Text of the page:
South Norfolk Jordan Bridge Collapse Link to Florida Tragedy
We were horrified to read about the collapse of a pedestrian bridge in Florida that led to six deaths this week. Reports revealed how one of the companies involved in the construction was fined over the South Norfolk Jordan bridge collapse here in Hampton Roads.
A pedestrian bridge being built near Florida International University was meant to enhance safety allowing cyclists and walkers to cross a busy eight-lane street more safely after a vehicle killed an FIU student, reported CNN.
Instead, the bridge collapsed on Thursday a few months before a scheduled opening, crushing vehicles below it. The bridge collapse left six people dead while investigators tried to find out who was responsible for the accident.
The six victims were found dead in the rubble, according to Miami-Dade County Fire Chief Dave Downey.
Others were injured but it’s not clear how seriously. Downey said more than 10 injured people were removed from the bridge collapse scene. Our thoughts are with the relatives of the deceased and the injured.
The $14.2 million bridge unexpectedly collapsed onto a busy Miami highway during construction crushing at least eight vehicles under massive slabs of concrete and steel.
The bridge was expected to open to pedestrians next year. The 950-ton structure was assembled by the side of the highway and finally moved into place Saturday.
This tragic accident will surely lead to a review of the so-called “accelerated bridge construction” method that was meant to reduce risks to workers and pedestrians and curtail traffic disruption.
A report in the Virginian-Pilot noted the link between the Florida bridge collapse and an accident on the South Norfolk Jordan Bridge. Tallahassee-based FIGG Bridge Engineers was involved in both projects. The company received a citation from the Virginia Department of Labor and Industry alleging FIGG did not properly inspect a girder and failed to obtain written consent from its manufacturer before modifying it, the Pilot reported.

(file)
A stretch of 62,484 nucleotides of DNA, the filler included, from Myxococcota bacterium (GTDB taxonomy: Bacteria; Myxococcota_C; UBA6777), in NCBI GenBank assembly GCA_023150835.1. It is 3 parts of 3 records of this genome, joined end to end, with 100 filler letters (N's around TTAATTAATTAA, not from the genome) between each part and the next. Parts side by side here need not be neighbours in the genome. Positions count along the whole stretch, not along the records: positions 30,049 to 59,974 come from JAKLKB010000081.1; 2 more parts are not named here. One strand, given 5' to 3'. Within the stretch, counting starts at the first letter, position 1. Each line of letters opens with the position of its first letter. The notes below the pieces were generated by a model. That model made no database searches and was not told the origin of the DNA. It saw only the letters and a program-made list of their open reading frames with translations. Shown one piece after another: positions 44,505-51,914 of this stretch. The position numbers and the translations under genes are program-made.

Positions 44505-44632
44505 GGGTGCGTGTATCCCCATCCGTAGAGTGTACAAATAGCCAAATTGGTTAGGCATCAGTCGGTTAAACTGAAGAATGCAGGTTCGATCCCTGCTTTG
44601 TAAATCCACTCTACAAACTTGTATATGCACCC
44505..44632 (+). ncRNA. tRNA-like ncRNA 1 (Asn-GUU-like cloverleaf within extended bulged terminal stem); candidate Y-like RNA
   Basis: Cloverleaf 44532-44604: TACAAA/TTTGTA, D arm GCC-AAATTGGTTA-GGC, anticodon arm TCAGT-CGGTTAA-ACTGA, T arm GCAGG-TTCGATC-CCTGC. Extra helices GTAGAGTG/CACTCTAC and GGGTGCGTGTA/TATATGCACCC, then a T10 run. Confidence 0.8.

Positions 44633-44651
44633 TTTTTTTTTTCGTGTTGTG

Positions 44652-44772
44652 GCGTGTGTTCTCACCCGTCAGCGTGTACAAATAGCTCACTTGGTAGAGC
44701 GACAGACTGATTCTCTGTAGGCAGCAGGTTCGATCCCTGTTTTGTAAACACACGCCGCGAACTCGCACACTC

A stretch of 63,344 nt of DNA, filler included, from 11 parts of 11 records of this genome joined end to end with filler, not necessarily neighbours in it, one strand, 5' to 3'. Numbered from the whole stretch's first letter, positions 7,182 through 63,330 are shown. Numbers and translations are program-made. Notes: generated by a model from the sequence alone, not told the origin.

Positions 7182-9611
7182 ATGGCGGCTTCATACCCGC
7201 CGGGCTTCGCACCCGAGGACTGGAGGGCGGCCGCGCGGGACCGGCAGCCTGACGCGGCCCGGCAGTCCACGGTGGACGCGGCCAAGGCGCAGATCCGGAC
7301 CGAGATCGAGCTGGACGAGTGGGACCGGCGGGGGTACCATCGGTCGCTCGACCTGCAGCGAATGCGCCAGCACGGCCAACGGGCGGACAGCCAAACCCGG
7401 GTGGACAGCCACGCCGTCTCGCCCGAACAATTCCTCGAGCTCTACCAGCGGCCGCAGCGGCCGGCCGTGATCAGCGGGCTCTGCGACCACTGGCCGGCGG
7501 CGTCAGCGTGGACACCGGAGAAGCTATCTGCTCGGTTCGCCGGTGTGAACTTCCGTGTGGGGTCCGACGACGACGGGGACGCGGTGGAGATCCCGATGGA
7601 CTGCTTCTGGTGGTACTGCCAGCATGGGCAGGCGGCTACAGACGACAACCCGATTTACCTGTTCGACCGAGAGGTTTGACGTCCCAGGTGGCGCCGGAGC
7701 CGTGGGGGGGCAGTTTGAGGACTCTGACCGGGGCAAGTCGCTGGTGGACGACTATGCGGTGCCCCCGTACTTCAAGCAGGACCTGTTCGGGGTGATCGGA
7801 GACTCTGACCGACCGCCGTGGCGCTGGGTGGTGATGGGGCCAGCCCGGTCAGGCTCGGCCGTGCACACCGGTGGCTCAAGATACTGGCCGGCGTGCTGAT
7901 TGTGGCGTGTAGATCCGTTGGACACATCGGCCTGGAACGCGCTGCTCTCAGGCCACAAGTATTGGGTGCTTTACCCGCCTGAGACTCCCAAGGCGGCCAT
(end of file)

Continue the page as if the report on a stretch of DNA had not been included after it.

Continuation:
In 2012, the company was fined $28,000 for an incident in which a 90-ton section of the South Norfolk Jordan Bridge fell in Chesapeake onto railroad tracks below, causing minor injuries to four workers.
The South Norfolk Jordan Bridge collapse was not nearly as serious as the incident in Florida. Fortunately, nobody was below the section that collapsed at the time. However, it significantly delayed the bridge construction.
However, these incidents raise questions about this method of construction as well as the state of bridges in the United States. More than a decade ago, Interstate 35W bridge over the Mississippi River in downtown Minneapolis unexpectedly collapsed into the river sending cars and a school bus plummeting. The crash killed 13 and injured 145.
There are many dangers at construction sites. If you have been harmed on the roads or bridges of Virginia, please call our Hampton Roads injury lawyers at (757) 333-3333.